Overrated Standards of International Financial Institutions

by Sofia

At the end of 2016 the boycott of Ameriabank started in Armenia because of the contract signed between the bank and Lydian Armenia for providing the latter with a loan of 24 million USD to purchase equipment for construction of the gold mine and heap leach facility in Amulsar. This was particularly enraging since this is one of those banks in Armenia that presents itself as a green bank, while two of its boarding members are actively involved in charity and development projects in Armenia.

As the boycott was becoming more popular, the employees of the bank started a self-defense. They argued that World Bank’s (WB) private-lending arm International Finance Corporation (IFC) and European Bank for Reconstruction and Development (EBRD) do not distribute loans to everyone, and if this project received the support of these institutions, then it is a trustworthy project. They insisted on this on the Facebook rating page of the bank (as the rating of the bank was going down), as well as during individual meetings with some of the dissatisfied customers. (more…)


Privatized Rivers of Armenia

by Sofia

Argitchi SHPP

Argitchi SHPP sponsored by KFW, GAF© Ecolur

There are around 173 small hydropower plants (SHPP) in Armenia, of which around 114 are on natural streams. The license for these SHPPs is given for about 15 years. The electricity producers sell the electricity to “Electric Networks of Armenia” CJSC for around 11-25AMD (2-5 US cents kilowatt/hours). They do not however pay minimal taxes for water usage which used to go to the community budget before. Moreover, the documents that regulate SHPP sector are 50-60 years old and there has been no updated assessment of water resources in Armenia. (more…)

Happy Birthday to the UNGPs – Happy Anniversary to Us All!

Celebrating the 5-year anniversary of the current global framework to render states and companies responsible

By Theresa


On November 5th, 2015, Brazilians have been victims of the worst environmental crime in the country’s history with the collapse of the mining dam operated by Vale/Samarco/BHP. Photo courtesy of the Treaty Alliance initiative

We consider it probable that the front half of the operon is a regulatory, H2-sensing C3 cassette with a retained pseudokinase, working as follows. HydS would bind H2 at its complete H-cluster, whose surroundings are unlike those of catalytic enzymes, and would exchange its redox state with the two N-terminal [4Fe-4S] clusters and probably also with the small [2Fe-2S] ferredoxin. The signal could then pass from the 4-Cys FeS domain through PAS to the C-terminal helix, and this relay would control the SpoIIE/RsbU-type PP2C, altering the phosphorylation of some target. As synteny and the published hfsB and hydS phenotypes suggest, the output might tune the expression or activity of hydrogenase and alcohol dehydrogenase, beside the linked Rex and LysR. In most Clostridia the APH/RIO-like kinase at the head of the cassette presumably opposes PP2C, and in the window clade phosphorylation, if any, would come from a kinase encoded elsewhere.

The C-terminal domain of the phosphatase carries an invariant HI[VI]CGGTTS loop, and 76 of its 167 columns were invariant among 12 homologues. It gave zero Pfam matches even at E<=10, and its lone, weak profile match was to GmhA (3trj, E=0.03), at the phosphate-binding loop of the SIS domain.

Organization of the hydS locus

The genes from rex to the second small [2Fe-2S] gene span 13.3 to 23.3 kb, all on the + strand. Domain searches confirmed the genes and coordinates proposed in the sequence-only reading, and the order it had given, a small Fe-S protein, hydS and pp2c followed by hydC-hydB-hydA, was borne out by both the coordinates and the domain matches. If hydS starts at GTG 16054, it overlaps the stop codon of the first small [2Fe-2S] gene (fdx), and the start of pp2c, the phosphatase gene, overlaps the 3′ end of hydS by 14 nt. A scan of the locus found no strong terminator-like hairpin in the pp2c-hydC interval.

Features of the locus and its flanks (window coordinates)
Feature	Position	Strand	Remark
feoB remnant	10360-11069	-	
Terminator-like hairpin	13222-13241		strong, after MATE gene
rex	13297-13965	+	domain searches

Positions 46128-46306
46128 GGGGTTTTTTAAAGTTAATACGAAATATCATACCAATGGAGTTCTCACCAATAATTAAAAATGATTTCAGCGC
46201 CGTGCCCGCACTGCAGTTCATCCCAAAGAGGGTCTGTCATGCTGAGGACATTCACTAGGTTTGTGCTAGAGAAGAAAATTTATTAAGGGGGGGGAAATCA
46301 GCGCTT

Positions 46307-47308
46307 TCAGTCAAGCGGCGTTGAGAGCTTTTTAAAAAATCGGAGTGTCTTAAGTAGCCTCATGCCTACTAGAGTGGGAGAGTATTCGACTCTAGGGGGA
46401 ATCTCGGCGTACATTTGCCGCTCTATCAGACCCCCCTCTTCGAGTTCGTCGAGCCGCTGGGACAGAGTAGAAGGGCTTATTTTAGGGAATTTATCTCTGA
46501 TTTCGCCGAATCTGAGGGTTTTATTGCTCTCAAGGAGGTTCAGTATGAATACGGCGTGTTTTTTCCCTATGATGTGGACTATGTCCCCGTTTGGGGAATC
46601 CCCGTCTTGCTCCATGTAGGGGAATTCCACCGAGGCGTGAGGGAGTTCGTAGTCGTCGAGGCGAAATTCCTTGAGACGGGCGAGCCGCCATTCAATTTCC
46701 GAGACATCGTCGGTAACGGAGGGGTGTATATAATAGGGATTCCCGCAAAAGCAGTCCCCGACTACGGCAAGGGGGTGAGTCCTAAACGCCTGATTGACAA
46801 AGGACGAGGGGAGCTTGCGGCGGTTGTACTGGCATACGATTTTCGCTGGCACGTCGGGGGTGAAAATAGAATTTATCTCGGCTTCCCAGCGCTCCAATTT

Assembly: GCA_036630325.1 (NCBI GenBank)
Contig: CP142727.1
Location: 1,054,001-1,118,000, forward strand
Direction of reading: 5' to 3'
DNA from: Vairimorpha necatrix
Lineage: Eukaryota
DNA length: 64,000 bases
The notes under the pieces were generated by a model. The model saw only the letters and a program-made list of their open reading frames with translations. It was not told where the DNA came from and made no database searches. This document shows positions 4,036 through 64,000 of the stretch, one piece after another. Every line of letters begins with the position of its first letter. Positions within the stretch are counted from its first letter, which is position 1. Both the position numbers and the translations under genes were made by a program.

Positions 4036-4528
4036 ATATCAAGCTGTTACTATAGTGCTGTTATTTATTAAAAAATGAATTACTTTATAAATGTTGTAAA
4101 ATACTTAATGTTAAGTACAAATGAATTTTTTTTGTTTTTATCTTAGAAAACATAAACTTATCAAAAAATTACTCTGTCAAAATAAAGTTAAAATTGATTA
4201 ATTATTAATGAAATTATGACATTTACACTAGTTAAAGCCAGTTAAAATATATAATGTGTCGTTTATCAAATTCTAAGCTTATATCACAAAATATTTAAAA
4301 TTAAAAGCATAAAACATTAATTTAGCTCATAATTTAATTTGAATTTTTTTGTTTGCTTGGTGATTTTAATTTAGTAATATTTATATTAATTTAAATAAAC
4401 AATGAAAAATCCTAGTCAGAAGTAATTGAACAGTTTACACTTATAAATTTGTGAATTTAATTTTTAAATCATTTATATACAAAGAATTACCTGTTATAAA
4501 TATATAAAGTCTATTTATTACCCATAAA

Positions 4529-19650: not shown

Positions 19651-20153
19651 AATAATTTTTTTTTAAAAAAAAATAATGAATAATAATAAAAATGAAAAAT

The 5-year anniversary of the United Nations Guiding Principles on Business and Human Rights (UNGPs) took place on Thursday, 16 June 2016. Anniversaries on the level of the United Nations usually give rise to self-congratulating speeches by politicians and press releases listing demands from civil society organisations. Anniversaries also come very handy for drawing attention to a topic among those who do not yet know about it. This is what this post sets out to do: after a brief introduction to the UNGPs, we benefit from a speech by David Pitt-Watson to ascertain why the potential impact of the UNGPs is so great. The post concludes with an overview over challenges and achievements of the UNGPs during the last 5 years. (more…)

Is Construction Business in Turkey for People or Against People?

by Sofia


© Sofia Manukyan

When I started writing about the culture of construction in Turkey, my attention was caught by an article about gentrification plans in London. People expressed their opposition to the luxury brought by “development” plans in Camden which according to them was not only a threat to the local culture, but also posed a problem in terms of affordability of the neighbourhood. “The heart of Camden is being ripped out, pubs are being converted to luxury flats no-one can afford, venues are under threat, the market is flogged off to be a casino (and yet more unaffordable flats). Rents are rising … fast”, read the event statement on Facebook. This reminded me of the situation in Istanbul.  (more…)

Movies that Educate: 1.5 – Stay Alive

By Theresa

Recently, a friend invited me to join what was called the World Premiere of the movie “1.5 Stay Alive“ directed by Lucian Segur. I have no deeper knowledge about climate change and the politics around them – like the Bonn Climate Change Conference in June 2015. (more…)

TTIP – and Other Mega Trade Deals: What Are We Actually Talking About?

By Theresa

In the debate on the Transatlantic Trade and Investment Partnership (TTIP) all sides constantly refer to its consequences: some say there will be economic growth and wealth for both the European Union (EU) and the US which otherwise would not happen. Others warn that free trade would lead to genetically modified food swamping European supermarkets and cheap European tobacco tempting US consumers. But what is the basis of these claims? This post briefly introduces the publicly available sources for information on TTIP I know about. If you know more, please share your knowledge! (more…)

Sofia’s perspective on this blog

The role of international, as well as local companies in environmental degradation in Armenia has been in the center of my attention for some time. Campaigning with other concerned people, as well as writing articles on this issue allowed me to dig deeper into the subject and find out that Armenia is only one of many countries where foreign/local private investments not only bring something positive, like employment, but also something negative, like environmental degradation. Studying at the University of Essex was beneficial in many senses, including for meeting students and professors concerned about the private sector’s role in degradation of environment, labour conditions, property rights. (more…)